May Tech Meetup - Orbited, Acceptance Testing and the AMI Project
In the May Tech Meetup we had talks from Oli Kingshott on Orbited, Paul Wilson on Acceptance Testing and Mike Lincoln on the AMI project.
“The Internet is a Mess”
Oli Kingshott on Orbited - Watch Video
Oli came in to give a talk about real time web interaction and how orbited can help, starting with a brief background into the birth of the internet.
In 1989 Tim Berners Lee invented hypercards which worked over TCP/IP, 2 years later came up with the first HTML tags. While server-side frameworks to publish HTML have developed a lot on the client side not much has changed in 20 years, the web is still primarily links between static content looking very similar to the original hypercards.
People today are using more and more real time interaction on the internet, from forums to twitter and facebook chat, along with collaborative tools and news sites. However the technologies employed to make these work havent yet matured.
Oli went on to explain the different ways in which real time interaction is currently implemented: Plugins(Java Applets, Flash, Activex), or Comet Techniques (invisible iframes, long polling, xmlhttprequest).
Plugins can often have security and cross platform problems, along with being proprietary, while comet techniques support and stability vary wildy across browsers.
W3C have recently announced the web standard for real time communication in the form of WebSockets, WebSockets are a layer on top of TCP which means you cant connect to existing TCP servers, but work in a similiar way, while all browsers should eventually implement this standard, it may take a few years before it is available.
As Oli explained: Orbited allows a pretty clean way of developing real time interactive web application now, it abstracts all the current comet techniques and gracefully degrades depending on your situation, developers can code for the WebSocket protocol now knowing that their code will not need to be rewrittern when it is implemented.
"Show Dont Tell"
Paul Wilson on Acceptance Testing - Watch Video
Paul Wilson started the night giving everyone a quick introduction to acceptance testing.
Acceptance testing is the process of specifying an applications functionality by examples, and then executing tests against the examples. The tests are generated by the customer/client in a domain specific language which is then transformed into an executable test.
As Paul explained acceptance testing does not replace functional testing, system and unit tests will still be required, instead it is a way of allowing the customer specify and document the functionality in their own language, this helps developers understand the problem domain and exactly what the client actually requires.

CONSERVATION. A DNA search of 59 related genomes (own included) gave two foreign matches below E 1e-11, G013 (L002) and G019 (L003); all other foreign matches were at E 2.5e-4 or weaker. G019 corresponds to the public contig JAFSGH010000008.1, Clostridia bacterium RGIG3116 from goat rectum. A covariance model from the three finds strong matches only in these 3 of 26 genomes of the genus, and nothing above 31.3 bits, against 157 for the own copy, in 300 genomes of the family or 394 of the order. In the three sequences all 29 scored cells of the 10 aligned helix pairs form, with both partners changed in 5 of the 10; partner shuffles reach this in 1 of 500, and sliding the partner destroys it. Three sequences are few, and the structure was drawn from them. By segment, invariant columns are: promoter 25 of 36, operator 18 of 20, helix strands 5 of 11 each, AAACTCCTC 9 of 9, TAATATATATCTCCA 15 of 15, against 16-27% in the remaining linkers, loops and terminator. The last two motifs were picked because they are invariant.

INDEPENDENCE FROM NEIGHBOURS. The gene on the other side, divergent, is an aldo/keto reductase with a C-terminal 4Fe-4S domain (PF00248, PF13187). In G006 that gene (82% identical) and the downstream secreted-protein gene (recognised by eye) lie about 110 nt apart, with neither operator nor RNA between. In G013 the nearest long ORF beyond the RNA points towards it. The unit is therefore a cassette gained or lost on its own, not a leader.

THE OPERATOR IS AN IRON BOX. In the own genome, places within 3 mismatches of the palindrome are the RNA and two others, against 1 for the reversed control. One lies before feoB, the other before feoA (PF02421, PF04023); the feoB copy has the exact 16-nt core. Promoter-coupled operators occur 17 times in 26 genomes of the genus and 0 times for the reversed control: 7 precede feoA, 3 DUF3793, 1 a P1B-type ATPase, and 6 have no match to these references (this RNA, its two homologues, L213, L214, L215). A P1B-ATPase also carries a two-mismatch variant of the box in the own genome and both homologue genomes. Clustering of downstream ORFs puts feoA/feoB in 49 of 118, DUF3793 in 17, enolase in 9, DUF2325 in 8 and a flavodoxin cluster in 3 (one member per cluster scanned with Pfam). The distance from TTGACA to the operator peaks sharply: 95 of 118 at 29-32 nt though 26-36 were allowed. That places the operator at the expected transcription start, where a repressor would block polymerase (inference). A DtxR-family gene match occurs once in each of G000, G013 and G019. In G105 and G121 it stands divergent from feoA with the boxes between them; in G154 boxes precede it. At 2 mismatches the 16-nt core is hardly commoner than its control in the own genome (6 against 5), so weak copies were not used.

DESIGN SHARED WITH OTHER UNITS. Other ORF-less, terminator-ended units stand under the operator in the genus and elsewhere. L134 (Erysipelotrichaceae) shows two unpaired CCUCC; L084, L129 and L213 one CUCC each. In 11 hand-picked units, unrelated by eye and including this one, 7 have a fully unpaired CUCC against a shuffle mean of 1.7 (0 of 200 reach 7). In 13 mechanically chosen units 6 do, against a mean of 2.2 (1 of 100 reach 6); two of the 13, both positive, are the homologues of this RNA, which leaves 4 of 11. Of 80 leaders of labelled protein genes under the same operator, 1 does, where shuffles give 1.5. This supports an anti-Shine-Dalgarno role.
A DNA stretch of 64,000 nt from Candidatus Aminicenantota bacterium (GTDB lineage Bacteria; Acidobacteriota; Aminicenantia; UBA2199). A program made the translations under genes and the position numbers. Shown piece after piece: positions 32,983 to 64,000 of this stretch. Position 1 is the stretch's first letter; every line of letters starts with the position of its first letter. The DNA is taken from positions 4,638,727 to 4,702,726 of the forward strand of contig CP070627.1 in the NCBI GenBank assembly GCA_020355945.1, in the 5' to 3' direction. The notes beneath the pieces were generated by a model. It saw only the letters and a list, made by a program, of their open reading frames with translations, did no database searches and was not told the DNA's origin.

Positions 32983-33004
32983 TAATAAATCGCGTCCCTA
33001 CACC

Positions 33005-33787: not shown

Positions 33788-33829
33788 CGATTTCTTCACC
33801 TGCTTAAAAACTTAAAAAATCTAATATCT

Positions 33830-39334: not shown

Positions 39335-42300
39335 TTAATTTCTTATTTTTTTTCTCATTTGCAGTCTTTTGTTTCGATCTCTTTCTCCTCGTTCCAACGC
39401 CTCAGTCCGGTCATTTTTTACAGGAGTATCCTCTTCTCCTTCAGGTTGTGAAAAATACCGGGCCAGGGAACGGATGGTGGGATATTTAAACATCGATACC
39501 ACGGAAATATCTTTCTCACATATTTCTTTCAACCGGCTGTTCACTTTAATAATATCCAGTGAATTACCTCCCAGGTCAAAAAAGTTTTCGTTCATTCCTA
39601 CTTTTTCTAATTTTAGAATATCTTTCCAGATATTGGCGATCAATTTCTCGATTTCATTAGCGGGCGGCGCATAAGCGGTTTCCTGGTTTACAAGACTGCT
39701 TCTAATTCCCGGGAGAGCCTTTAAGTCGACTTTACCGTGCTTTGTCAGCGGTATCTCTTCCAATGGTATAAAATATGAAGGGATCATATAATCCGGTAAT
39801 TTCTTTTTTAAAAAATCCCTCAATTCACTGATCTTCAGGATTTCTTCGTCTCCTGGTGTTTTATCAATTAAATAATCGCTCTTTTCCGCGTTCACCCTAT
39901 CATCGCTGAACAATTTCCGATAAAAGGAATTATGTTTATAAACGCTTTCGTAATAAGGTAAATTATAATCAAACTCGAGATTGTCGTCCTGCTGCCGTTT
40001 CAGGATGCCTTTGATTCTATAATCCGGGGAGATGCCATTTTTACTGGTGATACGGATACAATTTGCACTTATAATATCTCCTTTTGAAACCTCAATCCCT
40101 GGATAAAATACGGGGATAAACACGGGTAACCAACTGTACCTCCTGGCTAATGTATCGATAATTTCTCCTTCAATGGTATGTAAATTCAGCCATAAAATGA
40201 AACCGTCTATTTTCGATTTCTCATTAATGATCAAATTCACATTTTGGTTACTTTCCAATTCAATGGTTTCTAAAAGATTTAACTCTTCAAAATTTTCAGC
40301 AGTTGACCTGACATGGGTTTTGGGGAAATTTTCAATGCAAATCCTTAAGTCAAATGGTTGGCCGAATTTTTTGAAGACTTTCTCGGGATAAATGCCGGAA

Paul also introduced Cucumber which is a Ruby framework that has gained traction recently helping highlight the benefits of acceptance testing, he also gave a little history with the FIT library that was commonly used before Cucumber.
Mike Lincoln on the AMI project
Watch Video Mike gave a talk on the AMI(Augmented Multi-Party Interaction) project which is a consortium of universities, research groups and companies that are looking at how technology can aid human to human interactions such as meetings.
He kicked off straight away with a demo of a meeting browser tool they have developed, the tool analyses audio and video recordings of a meeting and produces a browser that can be used to view and search the meeting in several ways once if has finished (for archival purposes, or for someone who was unable to attend).
First shown was the ability to view speakers in a timeline, you can view when each person was talking and for how long. This helps when you only want to find out what certain people have said (such as your boss).
The tool also does voice recognition and produces a searchable transcripts of a meeting so people can search directly for keywords that were discussed and view only those segments without having to watch entire meetings. The transcript tool also automatically generates topic segmentations so you can see how a meeting conversation when from topic to topic and only look at the topics of interest.
Mike then went on to talk about the current work with real time speech recognition they are doing, by analysing speech in real time they can produce a meeting helper that prompts with information from the internet and previous meetings, that are related to what people are currently talking about.
During Q&A people discussed the ability to use this tool against the huge library of online videos, as it gives the ability to perform much more advanced searches to online video than what is currently available. They have some pretty cool technology to show off, it will be interesting to see where it goes.